In late October 2008, Brendan’s unit was deployed to Iraq for a twelve month deployment in support of Operation Iraqi Freedom. The unit was stationed at Forward Operating Base Summerall located 130 miles north of Baghdad. The mission of Brendan’s Company was to root out terrorists, stop acts of terrorism, search for and seize weapons caches and maintain security in their area of operation.
During the early morning hours of Easter Sunday, April 12, 2009, while returning to base after a night mission, Brendan’s vehicle sustained a direct hit by an Explosive Fired Projectile (EFP) resulting in one fatality and two injuries.
As a result of the EFP entering the vehicle through Brendan’s door, Brendan sustained severe, permanent and life changing injuries.
His injuries included:
•Amputation of both arms and both legs;
•Severed left carotid artery;
•Broken nose, left eye socket and facial bones;
•Loss of eight teeth;
•Shrapnel to the left eye and face;
•Severe lacerations to the face;
•Burns to the neck and face; and
•Pierced left eardrum.
Following the attack, Brendan was kept from bleeding to death by his platoon’s medic and fellow soldiers long enough to be transported to the US Army trauma hospital in Tikrit, Iraq. At Tikrit he was resuscitated, stabilized and underwent emergency surgeries. Following the surgeries, Brendan was transported to the Joint Operating Base in Balad, Iraq, then to Landstuhl Medical Center, Germany and lastly to Walter Reed Army Medical Center in Washington, DC. All this was accomplished within three days which is a testament to the awesome capabilities and commitment of the men and women who serve our country.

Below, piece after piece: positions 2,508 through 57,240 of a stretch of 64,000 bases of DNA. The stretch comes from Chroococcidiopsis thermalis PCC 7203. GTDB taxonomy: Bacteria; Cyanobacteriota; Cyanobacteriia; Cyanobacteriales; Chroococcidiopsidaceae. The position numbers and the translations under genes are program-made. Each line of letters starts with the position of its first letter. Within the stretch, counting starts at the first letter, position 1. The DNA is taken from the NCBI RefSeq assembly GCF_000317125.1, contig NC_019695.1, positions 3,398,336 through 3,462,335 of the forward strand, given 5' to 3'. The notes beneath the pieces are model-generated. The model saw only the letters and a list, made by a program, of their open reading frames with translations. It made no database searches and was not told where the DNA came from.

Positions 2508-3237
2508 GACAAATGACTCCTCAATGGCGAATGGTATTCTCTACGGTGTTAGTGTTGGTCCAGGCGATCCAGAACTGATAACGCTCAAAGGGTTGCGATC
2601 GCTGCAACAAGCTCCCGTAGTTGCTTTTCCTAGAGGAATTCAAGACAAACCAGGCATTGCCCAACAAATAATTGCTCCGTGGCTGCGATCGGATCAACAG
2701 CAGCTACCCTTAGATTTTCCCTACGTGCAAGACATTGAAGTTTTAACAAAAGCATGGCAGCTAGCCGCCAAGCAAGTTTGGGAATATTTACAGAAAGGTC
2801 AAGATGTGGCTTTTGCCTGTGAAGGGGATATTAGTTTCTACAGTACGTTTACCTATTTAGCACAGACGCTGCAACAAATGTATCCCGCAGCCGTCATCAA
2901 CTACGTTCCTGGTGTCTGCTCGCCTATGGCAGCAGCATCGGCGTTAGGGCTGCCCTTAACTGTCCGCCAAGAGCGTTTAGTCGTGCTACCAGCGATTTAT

Brendan is currently recovering and undergoing physical and occupational therapy at Walter Reed Army Medical Center where he is expected to remain for an extended period of time. His brother Michael has graciously put his life on hold by moving in with Brendan and assisting with his recovery. He is Brendan’s non-medical assistant and as such he is with him 24/7.
Brendan is doing well. He has been and continues to be an inspiration and source of strength for our family and to his fellow soldiers recovering at Walter Reed Army Medical Center.
Brendan may have lost his arms and legs but he never lost his will to survive and has maintained an extremely positive yet realistic attitude about his recovery and life after recovery. He knows that his recovery will be long, setbacks will occur and that his future will be challenging. Regardless, he continues to focus and channel his energies on his recovery and is looking forward to the future.